The floor of remuneration applicable for public and private sector industries in the country is now officially laid down.
The determination came on 8 November 2021 from the Minister of Economic Development acting under sections 59 and 62 of the Employment Act.
The decree allows the inclusion of basic salary and fixed allowances in computing minimum rates of remuneration due to an employee.
The following payments are excluded from the computation of minimum remuneration: overtime pay; Ramadan allowance; service charge; temporary allowances (based on task circumstance or period); bonus; in-kind benefits or payment offered in lieu of such benefits.
Micro enterprises are exempted from the requirement of minimum remuneration; small enterprises are to provide an hourly rate of MVR 21.63; medium enterprises are to give an hourly rate of MVR 33.65; every other enterprise that is not within the classification of micro, small or medium industries is to pay an hourly rate of MVR 38.46; and everyone else is to arrange an hourly rate of MVR 21.63.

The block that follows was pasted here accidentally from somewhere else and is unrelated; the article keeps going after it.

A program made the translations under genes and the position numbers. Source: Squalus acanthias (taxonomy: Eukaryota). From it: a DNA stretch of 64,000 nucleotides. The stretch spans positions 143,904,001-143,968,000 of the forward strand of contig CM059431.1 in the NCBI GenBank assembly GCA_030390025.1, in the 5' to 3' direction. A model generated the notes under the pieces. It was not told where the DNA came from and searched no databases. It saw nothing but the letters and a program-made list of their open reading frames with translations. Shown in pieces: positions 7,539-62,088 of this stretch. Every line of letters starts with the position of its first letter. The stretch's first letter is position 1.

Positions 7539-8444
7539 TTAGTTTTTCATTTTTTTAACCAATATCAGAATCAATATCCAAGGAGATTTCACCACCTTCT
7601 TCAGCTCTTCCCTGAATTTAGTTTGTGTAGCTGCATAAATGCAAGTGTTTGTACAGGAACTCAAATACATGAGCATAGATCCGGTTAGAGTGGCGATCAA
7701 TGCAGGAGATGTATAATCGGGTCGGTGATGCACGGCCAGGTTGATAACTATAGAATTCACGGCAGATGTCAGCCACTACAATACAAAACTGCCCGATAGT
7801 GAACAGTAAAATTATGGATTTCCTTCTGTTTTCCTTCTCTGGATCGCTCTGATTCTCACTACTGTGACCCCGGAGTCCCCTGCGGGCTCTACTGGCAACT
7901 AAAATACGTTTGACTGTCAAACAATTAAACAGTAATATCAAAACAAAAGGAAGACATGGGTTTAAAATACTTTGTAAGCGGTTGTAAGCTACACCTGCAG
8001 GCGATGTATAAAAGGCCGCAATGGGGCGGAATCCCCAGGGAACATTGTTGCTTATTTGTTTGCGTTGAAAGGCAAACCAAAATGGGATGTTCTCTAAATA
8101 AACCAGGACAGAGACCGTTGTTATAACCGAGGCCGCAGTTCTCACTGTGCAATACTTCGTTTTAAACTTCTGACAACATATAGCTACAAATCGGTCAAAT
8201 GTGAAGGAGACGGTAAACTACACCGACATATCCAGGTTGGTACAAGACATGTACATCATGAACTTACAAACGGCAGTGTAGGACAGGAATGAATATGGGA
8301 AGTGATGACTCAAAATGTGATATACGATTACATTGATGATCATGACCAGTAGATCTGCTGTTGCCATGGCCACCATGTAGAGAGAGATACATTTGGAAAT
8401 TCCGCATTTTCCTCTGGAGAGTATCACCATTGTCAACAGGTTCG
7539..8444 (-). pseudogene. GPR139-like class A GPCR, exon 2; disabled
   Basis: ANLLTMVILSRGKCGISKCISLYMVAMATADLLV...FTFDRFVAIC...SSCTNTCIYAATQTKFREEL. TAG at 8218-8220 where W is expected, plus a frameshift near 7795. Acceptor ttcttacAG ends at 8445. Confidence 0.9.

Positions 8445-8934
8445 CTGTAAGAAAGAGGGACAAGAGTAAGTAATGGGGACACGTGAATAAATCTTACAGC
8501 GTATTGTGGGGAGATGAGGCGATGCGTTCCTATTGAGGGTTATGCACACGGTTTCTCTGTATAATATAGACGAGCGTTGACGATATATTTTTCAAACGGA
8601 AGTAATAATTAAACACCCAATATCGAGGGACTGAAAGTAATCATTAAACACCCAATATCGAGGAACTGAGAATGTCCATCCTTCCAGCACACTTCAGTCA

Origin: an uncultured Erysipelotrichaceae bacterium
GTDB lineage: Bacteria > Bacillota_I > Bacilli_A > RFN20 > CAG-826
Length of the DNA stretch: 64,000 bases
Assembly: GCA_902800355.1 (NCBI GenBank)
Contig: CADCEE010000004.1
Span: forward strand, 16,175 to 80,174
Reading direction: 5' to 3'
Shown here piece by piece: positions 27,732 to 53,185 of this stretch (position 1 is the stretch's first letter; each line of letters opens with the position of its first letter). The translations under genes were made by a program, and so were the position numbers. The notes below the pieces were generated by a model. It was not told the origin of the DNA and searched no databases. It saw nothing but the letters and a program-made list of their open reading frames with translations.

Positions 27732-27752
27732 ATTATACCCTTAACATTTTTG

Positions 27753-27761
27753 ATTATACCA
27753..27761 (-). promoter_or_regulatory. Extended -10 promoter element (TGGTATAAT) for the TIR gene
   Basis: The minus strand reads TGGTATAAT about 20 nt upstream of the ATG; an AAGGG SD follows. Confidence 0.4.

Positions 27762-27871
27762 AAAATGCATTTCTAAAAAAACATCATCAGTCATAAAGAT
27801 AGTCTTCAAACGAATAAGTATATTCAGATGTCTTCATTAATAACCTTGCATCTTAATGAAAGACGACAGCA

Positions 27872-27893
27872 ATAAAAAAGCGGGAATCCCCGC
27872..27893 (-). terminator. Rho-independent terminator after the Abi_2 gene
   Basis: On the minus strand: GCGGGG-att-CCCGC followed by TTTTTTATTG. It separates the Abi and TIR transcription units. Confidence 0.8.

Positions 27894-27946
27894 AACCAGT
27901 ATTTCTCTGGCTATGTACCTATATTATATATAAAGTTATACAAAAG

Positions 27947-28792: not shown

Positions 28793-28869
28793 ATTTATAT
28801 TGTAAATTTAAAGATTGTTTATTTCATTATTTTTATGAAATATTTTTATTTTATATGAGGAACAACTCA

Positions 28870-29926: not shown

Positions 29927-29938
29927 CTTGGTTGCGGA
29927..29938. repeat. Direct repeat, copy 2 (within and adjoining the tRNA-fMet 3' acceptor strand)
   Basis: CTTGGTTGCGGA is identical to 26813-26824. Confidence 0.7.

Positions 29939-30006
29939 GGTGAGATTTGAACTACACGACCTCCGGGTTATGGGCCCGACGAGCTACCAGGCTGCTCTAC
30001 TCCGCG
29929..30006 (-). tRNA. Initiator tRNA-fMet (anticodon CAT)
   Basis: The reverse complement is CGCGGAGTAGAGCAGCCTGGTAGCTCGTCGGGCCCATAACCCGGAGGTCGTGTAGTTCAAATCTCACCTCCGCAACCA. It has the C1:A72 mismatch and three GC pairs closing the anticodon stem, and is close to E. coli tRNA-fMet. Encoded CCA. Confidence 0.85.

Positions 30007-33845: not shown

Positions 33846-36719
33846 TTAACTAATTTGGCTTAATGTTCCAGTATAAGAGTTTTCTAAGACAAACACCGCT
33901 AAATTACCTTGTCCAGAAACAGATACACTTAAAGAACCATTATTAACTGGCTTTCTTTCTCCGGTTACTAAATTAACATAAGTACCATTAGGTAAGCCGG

Basic salary is defined for the purposes of this determination as the basic remuneration specified in the Employment Contract less certain authorized deductions: deductions made under s20 of the Employment Act; pension contributions made under the Pension Act; withholding tax charged under the Income Tax Act.
Fixed allowances are defined as those that are specified in the Employment Contract, and paid every month without deduction.
Private sector enterprises are to include all forms of business enterprises including those with government shares.
The declaration excludes the application of the regime on overseas employees.
The floor of remuneration is to take effect from 1 January 2022 and is to remain in force unless withdrawn, amended or replaced.
The law requires these rates to be reviewed at least every 2 years.
Contributed by AI